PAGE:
On Her Own

But I Don’t Wanna

Since I got my PHLster Enigma, I’ve been carrying my gun a lot more. Between the pandemic and working from home, I don’t leave the house a whole lot, so the entire concept of putting on pants and gearing up sometimes gets left by the wayside, especially when I’m only heading out for a quick errand. Popping a fixed-blade knife onto my waistband and a pepper spray into a jacket pocket wasn’t so bad, so I usually had at least that, but more? Not so much until it got so easy and comfortable to carry my gear all the time, no matter what I was wearing. But this isn’t a plug for the Enigma so much as a reflection on the idea that carrying the tools of self-defense is work.

For perfectly understandable and sympathetic reasons, it’s not just work, it’s work that we don’t want to do and don’t feel we need to do. Most of us live in relatively safe environments and even though we know the risks and potential negatives are high if we are caught without our tools, the odds are low that we’ll need them. It’s just so much easier to not have to add extra weight to your belt, shove things into non-existent pockets, and not have to worry if our clothes fully conceal our weapons. Not having to manage the “what’s legal/permissible here” game is also often a relief.

That’s one reason why it’s so important to build your defensive options around how you actually live. It’s true that it’s easier to shoot a full-size gun accurately and effectively, and that having multiple tools on hand gives you the ability to respond differently to different types of situations. Just like it’s true that the bigger the purse you drag around, filled with every random thing you can think of, the more likely you are to have exactly what you need to respond to all of the minor emergencies you run across from ripped seams to an early period. For those times when the giant bag and full load-out of defensive gear are inconvenient or undesirable though, you have to make some compromises.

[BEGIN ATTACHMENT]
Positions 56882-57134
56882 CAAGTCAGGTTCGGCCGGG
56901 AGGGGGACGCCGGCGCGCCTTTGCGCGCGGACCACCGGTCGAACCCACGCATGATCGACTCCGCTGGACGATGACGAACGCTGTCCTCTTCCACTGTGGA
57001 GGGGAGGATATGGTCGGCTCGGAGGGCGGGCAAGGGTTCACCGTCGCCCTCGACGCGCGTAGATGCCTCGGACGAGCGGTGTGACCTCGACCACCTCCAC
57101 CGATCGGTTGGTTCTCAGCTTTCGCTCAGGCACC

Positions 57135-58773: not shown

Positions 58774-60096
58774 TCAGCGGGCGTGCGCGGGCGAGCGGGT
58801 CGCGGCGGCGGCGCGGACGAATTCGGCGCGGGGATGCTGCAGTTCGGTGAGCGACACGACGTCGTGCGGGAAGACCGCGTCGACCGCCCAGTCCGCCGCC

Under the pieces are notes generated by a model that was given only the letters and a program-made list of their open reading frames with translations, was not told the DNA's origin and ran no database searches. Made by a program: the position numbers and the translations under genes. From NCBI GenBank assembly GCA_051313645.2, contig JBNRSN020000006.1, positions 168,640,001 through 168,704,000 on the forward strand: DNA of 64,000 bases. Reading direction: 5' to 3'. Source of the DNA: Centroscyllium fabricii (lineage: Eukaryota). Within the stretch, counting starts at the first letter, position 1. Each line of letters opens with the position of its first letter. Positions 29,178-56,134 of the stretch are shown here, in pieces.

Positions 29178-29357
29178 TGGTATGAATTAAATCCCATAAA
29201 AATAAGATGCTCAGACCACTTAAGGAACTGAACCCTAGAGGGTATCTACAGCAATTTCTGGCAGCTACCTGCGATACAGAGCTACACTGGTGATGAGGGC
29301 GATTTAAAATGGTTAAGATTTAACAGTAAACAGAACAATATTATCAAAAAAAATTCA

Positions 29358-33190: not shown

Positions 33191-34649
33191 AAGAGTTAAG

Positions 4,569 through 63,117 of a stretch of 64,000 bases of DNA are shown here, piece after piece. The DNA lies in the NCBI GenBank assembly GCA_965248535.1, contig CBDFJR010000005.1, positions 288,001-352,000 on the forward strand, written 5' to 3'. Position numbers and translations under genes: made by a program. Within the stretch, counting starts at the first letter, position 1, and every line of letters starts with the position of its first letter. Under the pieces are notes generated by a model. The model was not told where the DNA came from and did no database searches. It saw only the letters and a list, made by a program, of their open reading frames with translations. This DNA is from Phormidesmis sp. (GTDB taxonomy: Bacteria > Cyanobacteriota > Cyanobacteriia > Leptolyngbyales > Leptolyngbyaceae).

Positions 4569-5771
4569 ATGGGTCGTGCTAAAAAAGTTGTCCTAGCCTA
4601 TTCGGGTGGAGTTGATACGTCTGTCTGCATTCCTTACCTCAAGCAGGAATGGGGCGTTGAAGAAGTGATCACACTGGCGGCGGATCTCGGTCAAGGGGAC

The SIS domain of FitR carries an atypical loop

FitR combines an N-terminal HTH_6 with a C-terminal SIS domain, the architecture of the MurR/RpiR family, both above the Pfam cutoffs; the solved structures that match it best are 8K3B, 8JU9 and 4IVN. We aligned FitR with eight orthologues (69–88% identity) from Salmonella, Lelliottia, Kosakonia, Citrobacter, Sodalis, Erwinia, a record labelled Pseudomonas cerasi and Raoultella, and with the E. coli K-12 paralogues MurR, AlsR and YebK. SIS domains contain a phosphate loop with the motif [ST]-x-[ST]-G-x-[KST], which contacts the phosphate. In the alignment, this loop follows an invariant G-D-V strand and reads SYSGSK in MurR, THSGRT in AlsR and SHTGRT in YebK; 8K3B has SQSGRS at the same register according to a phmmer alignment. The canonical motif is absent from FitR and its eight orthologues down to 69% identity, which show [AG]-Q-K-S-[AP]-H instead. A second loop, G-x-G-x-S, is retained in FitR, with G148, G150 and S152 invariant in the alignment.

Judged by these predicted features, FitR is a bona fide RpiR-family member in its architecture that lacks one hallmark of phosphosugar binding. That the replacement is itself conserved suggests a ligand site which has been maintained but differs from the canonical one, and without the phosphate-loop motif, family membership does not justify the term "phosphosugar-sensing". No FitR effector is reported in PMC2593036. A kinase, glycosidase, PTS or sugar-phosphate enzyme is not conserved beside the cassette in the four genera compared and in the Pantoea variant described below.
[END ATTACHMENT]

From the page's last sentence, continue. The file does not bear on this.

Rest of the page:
It might mean choosing less capable weapons or weapons you are less capable with. It might mean giving up some measure of comfort. It might mean slowly turning your wardrobe around so that crop tops aren’t a part of it anymore. It might mean you do bring a purse with you all the time. It might mean getting a wallet case for your cell phone instead of the cute and super-low-profile one that fits in your back pocket.

Here’s the key, though: they still have to be things that are so easy to bring along that you don’t feel like they’re just another measure of work. Maybe it’s a matter of picking a gun and carry method that are so light and easy to conceal that you don’t feel like you have to check the mirror fourteen times before you leave the house. Maybe it’s picking a purse or a cell phone case in your favorite color. Maybe it’s spending a little extra to get your flashlight in your favorite color, or engraved with a favorite phrase. Whether it’s emotional attachment or simple physical convenience, one of the tricks of actually bringing something along is to make it almost harder to not bring it.

Or in other words, acknowledge that sometimes you don’t wanna, that’s okay not to wanna, and find a way to make you not wanna less.

Hi, I'm Annette.

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